When compared to other models used for detecting fraud using the ROC curve, credit card fraud detection watch has proven to be the best in performance. The results also proved the reliability and accuracy of the credit card fraud detection using neural network. When testing for the feasibility neural network tools for credit card fraud detection watch, two commercial products being quadratic discriminates analysis (QDA) and logistic regression (LOGIT) were used. Figure 6 shows results of the comparison of performance analysis of the credit card fraud detection watch model with QDA and LOGIT.
In figure 7, credit card fraud detection watch ROC curve shows the detection of over 95% of fraud cases without causing false alarms. It is followed by logistic regression ROC curve which shows the detection of 75% of fraud cases with no false alarm. With quadratic discriminant analysis, it detected only 60%. This proves that credit card fraud detection watch performs better.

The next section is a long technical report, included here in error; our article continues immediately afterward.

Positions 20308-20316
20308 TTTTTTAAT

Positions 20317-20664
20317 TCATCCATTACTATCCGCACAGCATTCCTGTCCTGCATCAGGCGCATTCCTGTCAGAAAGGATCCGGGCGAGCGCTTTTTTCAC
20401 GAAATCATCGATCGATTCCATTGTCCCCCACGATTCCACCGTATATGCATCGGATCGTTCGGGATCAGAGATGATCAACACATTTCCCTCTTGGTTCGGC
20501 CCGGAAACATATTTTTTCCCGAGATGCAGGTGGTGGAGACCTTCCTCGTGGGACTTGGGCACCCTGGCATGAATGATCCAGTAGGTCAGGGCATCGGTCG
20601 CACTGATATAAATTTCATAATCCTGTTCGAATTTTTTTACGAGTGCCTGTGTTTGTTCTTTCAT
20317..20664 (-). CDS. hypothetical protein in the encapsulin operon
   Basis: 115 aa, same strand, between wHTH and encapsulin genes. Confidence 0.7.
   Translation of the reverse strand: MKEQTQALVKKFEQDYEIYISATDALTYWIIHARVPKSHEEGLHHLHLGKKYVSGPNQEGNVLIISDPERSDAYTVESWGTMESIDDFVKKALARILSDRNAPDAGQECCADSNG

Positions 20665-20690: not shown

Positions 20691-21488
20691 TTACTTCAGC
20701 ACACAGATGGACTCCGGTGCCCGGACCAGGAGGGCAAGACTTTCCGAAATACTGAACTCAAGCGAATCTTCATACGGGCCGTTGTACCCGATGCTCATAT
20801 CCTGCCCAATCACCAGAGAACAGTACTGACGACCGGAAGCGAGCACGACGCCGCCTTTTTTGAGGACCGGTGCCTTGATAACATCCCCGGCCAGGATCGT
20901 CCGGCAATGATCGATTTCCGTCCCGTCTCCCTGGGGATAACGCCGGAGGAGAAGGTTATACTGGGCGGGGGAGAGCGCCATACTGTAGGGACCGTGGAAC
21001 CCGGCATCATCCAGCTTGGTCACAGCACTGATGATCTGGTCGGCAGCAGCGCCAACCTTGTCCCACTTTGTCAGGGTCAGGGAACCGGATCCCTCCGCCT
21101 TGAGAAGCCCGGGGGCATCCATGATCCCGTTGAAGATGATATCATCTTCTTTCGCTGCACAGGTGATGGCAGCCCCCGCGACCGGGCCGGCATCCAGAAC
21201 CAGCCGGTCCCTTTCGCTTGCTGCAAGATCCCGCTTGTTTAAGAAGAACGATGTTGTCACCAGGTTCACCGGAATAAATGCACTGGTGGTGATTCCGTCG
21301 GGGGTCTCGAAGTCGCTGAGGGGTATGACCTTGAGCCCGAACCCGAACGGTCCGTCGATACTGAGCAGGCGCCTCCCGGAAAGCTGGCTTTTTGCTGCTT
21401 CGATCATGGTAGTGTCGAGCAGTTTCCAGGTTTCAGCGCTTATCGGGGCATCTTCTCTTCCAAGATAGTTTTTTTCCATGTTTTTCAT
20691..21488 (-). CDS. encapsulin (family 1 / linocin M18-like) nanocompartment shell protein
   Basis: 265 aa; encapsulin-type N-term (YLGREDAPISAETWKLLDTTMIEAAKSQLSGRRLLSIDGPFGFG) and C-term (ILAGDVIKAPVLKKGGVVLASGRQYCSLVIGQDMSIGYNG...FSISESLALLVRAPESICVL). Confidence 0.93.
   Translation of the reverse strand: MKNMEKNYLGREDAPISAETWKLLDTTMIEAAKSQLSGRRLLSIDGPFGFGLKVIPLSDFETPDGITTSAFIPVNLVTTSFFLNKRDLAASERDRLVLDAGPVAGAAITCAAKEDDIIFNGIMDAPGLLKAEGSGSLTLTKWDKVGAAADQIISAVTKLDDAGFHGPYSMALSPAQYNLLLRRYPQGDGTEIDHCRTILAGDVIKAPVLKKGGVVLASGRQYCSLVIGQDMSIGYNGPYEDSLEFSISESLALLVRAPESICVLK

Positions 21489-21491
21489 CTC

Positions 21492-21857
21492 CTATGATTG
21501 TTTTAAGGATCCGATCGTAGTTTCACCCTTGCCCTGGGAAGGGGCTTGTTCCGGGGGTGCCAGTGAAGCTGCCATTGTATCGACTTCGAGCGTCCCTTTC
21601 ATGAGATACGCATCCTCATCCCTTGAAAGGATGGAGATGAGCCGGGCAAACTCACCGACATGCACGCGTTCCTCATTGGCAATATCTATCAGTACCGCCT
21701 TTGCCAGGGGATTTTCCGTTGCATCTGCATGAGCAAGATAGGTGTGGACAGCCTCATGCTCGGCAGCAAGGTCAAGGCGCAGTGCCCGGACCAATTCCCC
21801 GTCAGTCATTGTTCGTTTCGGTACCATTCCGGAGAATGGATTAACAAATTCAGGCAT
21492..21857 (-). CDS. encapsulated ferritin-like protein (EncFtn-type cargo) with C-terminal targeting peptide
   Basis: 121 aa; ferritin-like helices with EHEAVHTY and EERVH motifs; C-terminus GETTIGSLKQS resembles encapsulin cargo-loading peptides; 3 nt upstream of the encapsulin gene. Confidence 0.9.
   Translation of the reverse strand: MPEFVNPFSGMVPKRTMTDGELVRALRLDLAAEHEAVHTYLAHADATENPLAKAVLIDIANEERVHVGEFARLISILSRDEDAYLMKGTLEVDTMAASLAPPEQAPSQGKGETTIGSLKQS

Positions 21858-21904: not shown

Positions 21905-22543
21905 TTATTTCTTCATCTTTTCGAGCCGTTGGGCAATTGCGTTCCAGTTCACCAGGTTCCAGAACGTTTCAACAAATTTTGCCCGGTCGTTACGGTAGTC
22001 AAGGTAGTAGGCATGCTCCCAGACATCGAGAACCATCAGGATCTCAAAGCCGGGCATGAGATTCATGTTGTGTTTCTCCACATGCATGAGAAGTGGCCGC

Figure 7 comparisons of credit card detection watch with the fraud detection system ROC for deposit fraud detection (Ogwueleka 2011)
The experiment results prove that indeed this model is efficient and reliable. Its performance of detecting 95% of fraud cases shows that it is suitable for solving credit card fraud. The model uses four clusters unlike other models which uses 2 clusters which are normally used and has bad performance. For the performance of the model to be raised, the author should consider the use of back propagation technique of neural networks which when fraud is detected the system will send back the transaction for the patterns to be updated. This will help in fast and reliable fast pattern updates and to help the model deal with different feature types and detect the errors in large amount of transaction of credit card system.
2.3 Decision Trees